Dobbs burns through his pesos quickly. He finds himself in a flophouse with a fellow hardbitten laborer named Curtain (played by Tim Holt), listening to an old prospector, Howard, spin tales of unimaginable riches and unmistakable loss. “I know what gold does to men’s souls,” he says. Then Howard adds: “That’s gold, that’s what it makes us. Never knew a prospector yet that died rich. Make one fortune, he’s sure to blow it in tryin’ to find another.”

Curtin’s unimpressed. “I wouldn’t mind a little of that kind of trouble,” he says. And the next day, Dobbs suggests that he’d be immune to the ill effects of gold fever.

“Gold don’t carry any curse with it,” he says. “It all depends on whether or not the guy who finds it is the right guy. The way I see it, gold can be as much of a blessing as a curse.”

Maybe that’s true. But when Dobbs’ one-twentieth share of a lottery ticket actually hits, he, Curtain and Howard have a chance to put Dobbs’ faith in himself to the test: It’s enough money to stake a claim on a promising gold mine.

Seventy-year-old spoiler alert: Dobbs fails his test. Gold, and the idea of getting more of it, corrupts this already corrupted soul, turning him from a selfish vagabond into an out-and-out monster. It impacts those around him, too. Greed is considered one of the seven deadly sins, and in this case, that proves to be true. Yes, they find a treasure, but in the end it proves to be just so much dust.

Warner Bros.

The movie itself rarely points to the Bible, but it’s not hard to draw some dotted lines from this classic movie to the Good Book. “Thou Shalt Not Covet,” we’re told in the Ten Commandments. “Thou shalt not steal. Thou shalt not kill.” In Treasure of the Sierra Madre, one sin begets another, then another.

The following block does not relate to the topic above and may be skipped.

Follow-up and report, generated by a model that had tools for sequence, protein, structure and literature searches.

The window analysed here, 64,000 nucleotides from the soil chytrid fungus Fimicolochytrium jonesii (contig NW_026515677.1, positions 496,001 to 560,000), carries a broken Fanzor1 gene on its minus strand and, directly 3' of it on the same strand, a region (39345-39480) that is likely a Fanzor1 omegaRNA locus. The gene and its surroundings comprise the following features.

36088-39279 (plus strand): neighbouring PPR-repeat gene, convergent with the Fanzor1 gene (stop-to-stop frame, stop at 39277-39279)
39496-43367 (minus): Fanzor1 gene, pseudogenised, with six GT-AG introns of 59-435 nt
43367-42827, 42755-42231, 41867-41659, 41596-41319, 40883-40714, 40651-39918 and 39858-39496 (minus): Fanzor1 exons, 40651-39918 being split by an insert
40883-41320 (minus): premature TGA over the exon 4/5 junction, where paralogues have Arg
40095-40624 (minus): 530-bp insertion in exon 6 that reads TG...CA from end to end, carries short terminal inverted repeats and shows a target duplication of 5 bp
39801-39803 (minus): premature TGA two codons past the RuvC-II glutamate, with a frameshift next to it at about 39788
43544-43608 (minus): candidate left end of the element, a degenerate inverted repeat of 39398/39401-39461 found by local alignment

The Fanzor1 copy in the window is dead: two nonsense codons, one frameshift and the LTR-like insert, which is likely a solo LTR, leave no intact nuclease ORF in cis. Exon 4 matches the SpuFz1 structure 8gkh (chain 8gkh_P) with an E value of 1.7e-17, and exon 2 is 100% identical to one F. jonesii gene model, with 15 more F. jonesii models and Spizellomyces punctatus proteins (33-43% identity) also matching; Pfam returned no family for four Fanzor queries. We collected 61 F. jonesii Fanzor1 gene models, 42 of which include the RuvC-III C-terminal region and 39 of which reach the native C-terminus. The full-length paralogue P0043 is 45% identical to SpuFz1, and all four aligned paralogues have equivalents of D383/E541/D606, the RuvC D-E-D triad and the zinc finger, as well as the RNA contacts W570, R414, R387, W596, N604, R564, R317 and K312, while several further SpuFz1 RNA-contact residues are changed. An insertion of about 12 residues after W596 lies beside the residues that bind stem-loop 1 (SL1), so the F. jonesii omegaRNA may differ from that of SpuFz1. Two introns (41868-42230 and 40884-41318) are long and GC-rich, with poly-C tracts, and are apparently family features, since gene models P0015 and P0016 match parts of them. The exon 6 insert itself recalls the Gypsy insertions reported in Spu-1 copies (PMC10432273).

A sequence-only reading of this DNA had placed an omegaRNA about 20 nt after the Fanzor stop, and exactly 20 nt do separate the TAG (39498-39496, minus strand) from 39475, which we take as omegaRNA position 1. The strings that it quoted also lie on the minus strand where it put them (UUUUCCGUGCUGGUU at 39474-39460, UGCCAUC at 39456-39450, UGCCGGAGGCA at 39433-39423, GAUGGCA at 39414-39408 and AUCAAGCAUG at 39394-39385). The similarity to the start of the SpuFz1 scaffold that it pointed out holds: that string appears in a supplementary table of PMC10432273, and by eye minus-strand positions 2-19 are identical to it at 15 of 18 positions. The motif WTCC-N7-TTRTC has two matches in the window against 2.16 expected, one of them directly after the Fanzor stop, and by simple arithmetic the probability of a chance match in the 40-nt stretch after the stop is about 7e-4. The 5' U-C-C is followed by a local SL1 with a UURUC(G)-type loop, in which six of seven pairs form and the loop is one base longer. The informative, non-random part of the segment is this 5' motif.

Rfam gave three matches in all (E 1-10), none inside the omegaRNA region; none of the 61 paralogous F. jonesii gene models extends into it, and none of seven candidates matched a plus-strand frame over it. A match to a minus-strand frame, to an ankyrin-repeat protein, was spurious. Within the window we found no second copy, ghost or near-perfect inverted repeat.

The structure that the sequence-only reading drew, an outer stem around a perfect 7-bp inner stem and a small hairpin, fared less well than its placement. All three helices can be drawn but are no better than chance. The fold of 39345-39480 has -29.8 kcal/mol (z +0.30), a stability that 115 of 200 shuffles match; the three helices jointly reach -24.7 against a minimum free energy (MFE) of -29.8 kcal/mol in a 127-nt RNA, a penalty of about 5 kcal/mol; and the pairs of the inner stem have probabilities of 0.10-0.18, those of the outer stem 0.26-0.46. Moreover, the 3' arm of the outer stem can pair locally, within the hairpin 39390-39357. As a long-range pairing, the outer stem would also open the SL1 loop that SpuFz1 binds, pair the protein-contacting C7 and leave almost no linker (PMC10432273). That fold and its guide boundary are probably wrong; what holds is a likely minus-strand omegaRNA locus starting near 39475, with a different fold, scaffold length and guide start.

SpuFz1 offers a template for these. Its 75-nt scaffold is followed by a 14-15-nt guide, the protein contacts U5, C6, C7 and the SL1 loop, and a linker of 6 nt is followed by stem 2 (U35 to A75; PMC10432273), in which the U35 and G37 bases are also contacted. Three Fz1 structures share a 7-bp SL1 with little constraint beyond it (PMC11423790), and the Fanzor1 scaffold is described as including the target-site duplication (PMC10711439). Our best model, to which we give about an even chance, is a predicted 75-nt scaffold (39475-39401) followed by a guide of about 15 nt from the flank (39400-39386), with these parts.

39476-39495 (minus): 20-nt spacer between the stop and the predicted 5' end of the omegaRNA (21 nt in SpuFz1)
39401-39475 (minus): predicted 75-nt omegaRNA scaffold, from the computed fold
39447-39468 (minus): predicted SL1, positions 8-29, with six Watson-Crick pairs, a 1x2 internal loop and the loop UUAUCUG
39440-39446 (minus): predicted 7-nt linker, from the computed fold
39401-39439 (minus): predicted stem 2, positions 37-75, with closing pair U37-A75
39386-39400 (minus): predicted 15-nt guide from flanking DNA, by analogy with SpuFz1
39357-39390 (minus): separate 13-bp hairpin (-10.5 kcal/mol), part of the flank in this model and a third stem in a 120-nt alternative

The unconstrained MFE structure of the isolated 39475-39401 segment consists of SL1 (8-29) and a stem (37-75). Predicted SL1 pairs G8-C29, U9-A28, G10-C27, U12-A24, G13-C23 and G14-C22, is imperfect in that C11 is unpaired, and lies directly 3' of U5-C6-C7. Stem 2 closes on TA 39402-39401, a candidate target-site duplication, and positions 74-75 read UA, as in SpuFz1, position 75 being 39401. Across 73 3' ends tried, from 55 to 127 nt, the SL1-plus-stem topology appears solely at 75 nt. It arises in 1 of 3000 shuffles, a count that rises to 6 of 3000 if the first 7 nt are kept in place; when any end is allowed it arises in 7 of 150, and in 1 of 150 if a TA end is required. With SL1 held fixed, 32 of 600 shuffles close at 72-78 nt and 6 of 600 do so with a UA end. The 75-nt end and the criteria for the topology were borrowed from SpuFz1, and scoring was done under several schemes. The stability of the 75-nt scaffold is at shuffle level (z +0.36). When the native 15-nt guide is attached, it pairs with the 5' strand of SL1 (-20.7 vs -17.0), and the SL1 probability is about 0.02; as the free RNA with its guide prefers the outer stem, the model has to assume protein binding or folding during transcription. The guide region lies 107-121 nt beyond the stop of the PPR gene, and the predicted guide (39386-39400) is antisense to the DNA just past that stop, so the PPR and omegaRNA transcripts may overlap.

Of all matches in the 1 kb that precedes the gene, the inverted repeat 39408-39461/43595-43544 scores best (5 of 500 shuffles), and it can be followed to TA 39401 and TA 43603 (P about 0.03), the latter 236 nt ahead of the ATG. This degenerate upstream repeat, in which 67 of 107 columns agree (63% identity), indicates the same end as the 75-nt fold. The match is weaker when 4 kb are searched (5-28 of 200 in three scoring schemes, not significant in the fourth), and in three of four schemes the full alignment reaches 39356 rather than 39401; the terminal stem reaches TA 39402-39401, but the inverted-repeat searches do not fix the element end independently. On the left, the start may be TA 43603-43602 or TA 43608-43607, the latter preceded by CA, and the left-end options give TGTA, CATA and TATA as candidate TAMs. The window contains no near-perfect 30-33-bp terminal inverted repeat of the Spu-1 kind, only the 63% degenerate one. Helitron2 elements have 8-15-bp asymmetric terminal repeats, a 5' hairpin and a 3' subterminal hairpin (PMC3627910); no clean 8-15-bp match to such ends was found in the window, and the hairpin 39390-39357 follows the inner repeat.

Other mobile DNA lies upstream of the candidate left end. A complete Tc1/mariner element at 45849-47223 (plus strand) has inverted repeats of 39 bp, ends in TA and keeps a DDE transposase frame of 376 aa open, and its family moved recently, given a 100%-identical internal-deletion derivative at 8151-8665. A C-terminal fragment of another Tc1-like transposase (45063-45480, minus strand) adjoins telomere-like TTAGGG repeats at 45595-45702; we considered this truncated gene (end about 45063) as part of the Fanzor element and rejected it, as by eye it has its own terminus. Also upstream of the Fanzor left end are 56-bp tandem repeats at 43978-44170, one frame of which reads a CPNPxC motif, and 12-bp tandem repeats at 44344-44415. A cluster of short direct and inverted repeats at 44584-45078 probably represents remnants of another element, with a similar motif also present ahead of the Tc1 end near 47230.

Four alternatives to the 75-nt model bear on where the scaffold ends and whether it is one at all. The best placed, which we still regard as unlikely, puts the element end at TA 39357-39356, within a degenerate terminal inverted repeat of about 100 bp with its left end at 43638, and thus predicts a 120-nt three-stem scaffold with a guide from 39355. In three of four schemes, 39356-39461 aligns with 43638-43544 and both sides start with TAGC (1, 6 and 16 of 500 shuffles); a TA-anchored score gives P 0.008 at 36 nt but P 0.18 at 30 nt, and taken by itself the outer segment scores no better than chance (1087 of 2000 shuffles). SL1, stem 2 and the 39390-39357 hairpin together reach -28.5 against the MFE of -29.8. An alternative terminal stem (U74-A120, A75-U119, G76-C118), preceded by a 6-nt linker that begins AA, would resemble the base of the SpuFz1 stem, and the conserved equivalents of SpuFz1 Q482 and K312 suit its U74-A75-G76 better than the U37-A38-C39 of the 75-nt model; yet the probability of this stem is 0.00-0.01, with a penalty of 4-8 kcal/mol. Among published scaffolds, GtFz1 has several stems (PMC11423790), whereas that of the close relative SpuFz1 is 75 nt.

“Do not lay up for yourselves treasures on earth, where moth and rust destroy and where thieves break in and steal… For where your treasure is, there your heart will be also.” Jesus tells us in Matthew 6:19 and 21.

“But if we have food and clothing, with these we will be content,” we read in 1 Timothy 6:8-10. “But those who desire to be rich fall into temptation, into a snare, into many senseless and harmful desires that plunge people into ruin and destruction. For the love of money is a root of all kinds of evils. It is through this craving that some have wandered away from the faith and pierced themselves with many pangs.”

I won’t spoil Treasure of the Sierra Madre any more than I already have, but trust me: It’s not only a great, all-time classic — a movie that I think everyone should see at least once — but one with lots of spiritual heft. If you haven’t seen it, you should. You can stream it on Amazon, YouTube, Vudu and Google Play for $2.99, or get it off iTunes for $3.99.


Read more:
‘Casablanca’: How a “mess” of a film became a classic